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Picking Blackstone's Brain


By Maria Bartiromo When Steve Schwarzman, CEO of private equity powerhouse The Blackstone Group, lunches with you at the Four Seasons in New York, expect interruptions. As we talked, Bernard Schwartz of Loral (LORL) stopped by to say Happy New Year. Then dealmaker Ron Perelman table-hopped over. Between schmoozing, Schwarzman made provocative points about the boom in private equity buyouts. (Later, though, he declined to comment on reports that Blackstone and HP are looking at a deal for Computer Sciences.)

With so much money flowing into private equity funds, do managers feel pressure to make deals?

In the high end of the market, where we're involved, there's not enormous pressure because you can always buy larger and larger companies. In the medium-size part of the market...there is enormous pressure on general partners.

With all of the money that has been raised, how does that change the types of deals you're looking at?

In the olden days, doing a billion-dollar buyout deal was a major event. Now we're looking at $10 billion and $15 billion deals.

Do you have a targeted return, and what's your exit strategy?

We don't set up a deal unless we think we can make at least a 20% annual return on investment. We also like to make around 2 1/2 to 3 1/2 times our money. And we either exit by taking a company public or we sell the company to another buyer or we take out dividends with supplementary borrowings. Sometimes that's called a recapitalization, but fundamentally it's using the company; continue to own the same percentage ownership and just take out money.

Could you see yourself getting more active like, for example, Carl Icahn at Time Warner (TWX)?

Attacking companies, that's not our business. We in private equity use inside information. That's our lifeblood. We sign confidentiality agreements. We work closely with corporations to figure out if it's a sensible transaction.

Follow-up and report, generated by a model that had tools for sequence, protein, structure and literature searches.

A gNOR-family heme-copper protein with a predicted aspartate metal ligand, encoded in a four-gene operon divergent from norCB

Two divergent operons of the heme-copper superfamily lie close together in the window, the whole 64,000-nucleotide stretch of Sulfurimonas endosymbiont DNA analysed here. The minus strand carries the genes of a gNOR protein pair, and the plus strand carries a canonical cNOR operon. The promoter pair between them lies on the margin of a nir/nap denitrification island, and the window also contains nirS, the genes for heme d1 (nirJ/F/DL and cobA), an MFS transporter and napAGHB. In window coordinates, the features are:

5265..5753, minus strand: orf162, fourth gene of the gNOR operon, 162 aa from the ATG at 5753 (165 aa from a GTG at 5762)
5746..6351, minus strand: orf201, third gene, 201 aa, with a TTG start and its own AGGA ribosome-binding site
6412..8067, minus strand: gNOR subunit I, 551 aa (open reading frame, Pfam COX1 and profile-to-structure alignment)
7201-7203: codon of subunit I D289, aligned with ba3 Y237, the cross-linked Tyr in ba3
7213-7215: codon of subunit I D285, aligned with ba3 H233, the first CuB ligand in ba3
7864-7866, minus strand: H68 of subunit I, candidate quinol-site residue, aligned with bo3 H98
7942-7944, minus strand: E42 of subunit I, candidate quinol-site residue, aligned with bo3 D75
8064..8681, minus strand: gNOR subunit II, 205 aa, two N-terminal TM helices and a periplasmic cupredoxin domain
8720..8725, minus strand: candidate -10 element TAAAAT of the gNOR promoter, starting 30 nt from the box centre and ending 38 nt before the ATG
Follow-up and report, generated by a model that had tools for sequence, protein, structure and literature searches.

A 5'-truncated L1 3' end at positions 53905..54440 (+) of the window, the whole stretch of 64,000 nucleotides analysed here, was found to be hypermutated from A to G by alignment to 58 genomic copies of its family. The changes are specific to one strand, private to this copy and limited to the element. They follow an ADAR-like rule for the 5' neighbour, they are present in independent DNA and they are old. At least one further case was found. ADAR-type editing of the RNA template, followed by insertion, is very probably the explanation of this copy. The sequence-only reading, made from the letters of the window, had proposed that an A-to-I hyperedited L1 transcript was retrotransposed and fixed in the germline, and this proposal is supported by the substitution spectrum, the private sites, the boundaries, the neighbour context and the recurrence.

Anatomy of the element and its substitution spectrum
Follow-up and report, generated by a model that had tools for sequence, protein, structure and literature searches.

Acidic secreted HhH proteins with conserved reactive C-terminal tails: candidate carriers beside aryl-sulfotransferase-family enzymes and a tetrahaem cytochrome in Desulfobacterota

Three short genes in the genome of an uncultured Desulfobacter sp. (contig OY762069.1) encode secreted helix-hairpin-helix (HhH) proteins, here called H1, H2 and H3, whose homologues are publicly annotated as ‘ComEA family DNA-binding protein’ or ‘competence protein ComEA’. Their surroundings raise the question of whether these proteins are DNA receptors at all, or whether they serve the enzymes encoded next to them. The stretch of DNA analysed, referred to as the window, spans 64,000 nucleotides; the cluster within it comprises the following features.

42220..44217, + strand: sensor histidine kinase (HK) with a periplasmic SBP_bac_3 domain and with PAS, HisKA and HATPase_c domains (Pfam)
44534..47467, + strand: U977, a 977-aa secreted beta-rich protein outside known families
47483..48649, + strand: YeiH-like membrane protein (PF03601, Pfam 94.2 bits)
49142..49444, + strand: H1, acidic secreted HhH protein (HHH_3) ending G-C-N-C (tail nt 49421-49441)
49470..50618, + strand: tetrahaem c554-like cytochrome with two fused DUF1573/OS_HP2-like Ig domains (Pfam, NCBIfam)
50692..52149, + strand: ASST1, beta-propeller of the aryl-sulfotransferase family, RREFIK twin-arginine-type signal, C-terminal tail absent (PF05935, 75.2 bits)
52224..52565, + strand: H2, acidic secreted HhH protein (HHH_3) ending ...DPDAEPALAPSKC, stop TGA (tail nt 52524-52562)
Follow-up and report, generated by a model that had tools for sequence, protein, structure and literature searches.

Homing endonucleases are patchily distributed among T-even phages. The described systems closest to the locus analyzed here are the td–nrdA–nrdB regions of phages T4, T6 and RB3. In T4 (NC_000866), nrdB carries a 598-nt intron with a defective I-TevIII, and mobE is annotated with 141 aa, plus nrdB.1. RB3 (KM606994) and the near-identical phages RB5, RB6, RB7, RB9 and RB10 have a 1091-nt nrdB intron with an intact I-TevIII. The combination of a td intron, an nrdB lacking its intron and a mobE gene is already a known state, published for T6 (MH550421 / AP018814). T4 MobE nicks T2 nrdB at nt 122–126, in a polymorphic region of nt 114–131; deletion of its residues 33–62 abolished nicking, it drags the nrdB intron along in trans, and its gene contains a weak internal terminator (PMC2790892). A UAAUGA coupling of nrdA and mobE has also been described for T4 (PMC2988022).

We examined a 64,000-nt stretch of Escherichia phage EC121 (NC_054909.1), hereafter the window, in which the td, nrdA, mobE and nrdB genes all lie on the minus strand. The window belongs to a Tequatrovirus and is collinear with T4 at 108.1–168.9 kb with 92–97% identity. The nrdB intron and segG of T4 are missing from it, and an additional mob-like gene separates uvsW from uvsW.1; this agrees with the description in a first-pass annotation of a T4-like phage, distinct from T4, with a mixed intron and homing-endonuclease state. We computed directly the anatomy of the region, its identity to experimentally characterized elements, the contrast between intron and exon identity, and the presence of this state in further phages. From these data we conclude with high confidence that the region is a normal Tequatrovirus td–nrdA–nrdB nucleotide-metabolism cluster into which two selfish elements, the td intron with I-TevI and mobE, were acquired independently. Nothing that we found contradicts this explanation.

Has energy peaked?

I don't know if energy has peaked, but it has shown such a huge increase that we viewed it as prudent to take what are unusual levels of gains off the table. Maybe we'll be wrong and would have earned 8 to 10 times our money. Our view is that 7 [times our money] is probably enough in a year.

Has real estate peaked?

You always hate to call tops, but...I think you can predict for sure that the rate of increase in real estate is not sustainable.

Some people say housing represents 70% of economic growth, and if that's the case and we see housing slow....

Companies are in great financial health right now -- a lot of liquidity. There's much more inflation in the economy than is being measured by the Fed, and corporations are getting for the first time in many years the ability to start increasing prices. And with net income at record levels, they will start to invest in equipment and plant expansion, and that will be a slight offset to housing getting softer.

The buyout boom in the '80s was fueled by opportunistic buyers of broken companies. But today corporations are lean and flush with cash. Are the pickings getting slimmer?

We haven't found that to be the case yet, and one of the major reasons is Sarbanes-Oxley. What we're finding is that it's a dual tyranny of Sarbanes-Oxley and the relentless disappointment of the quarterly earnings that institutional investors require. As a result of those factors, many more boards, and particularly senior managements, are very happy to go private because they aren't enjoying running public companies. They're not able to do some of the things they know should be done to fix their companies. If it requires their earnings to be depressed for two or three quarters or write-offs, they'd rather, in many cases, not do the right thing, because if they do the right thing, they'll be penalized by their shareholders or they'll be put under more scrutiny by their board or they feel they'll have more legal liability under Sarbanes. Sarbanes has companies very risk-averse. So we've been lucky beneficiaries in the private equity business of both those factors, which make our lives, frankly, very easy.

Maria Bartiromo is the host of CNBC's Closing Bell


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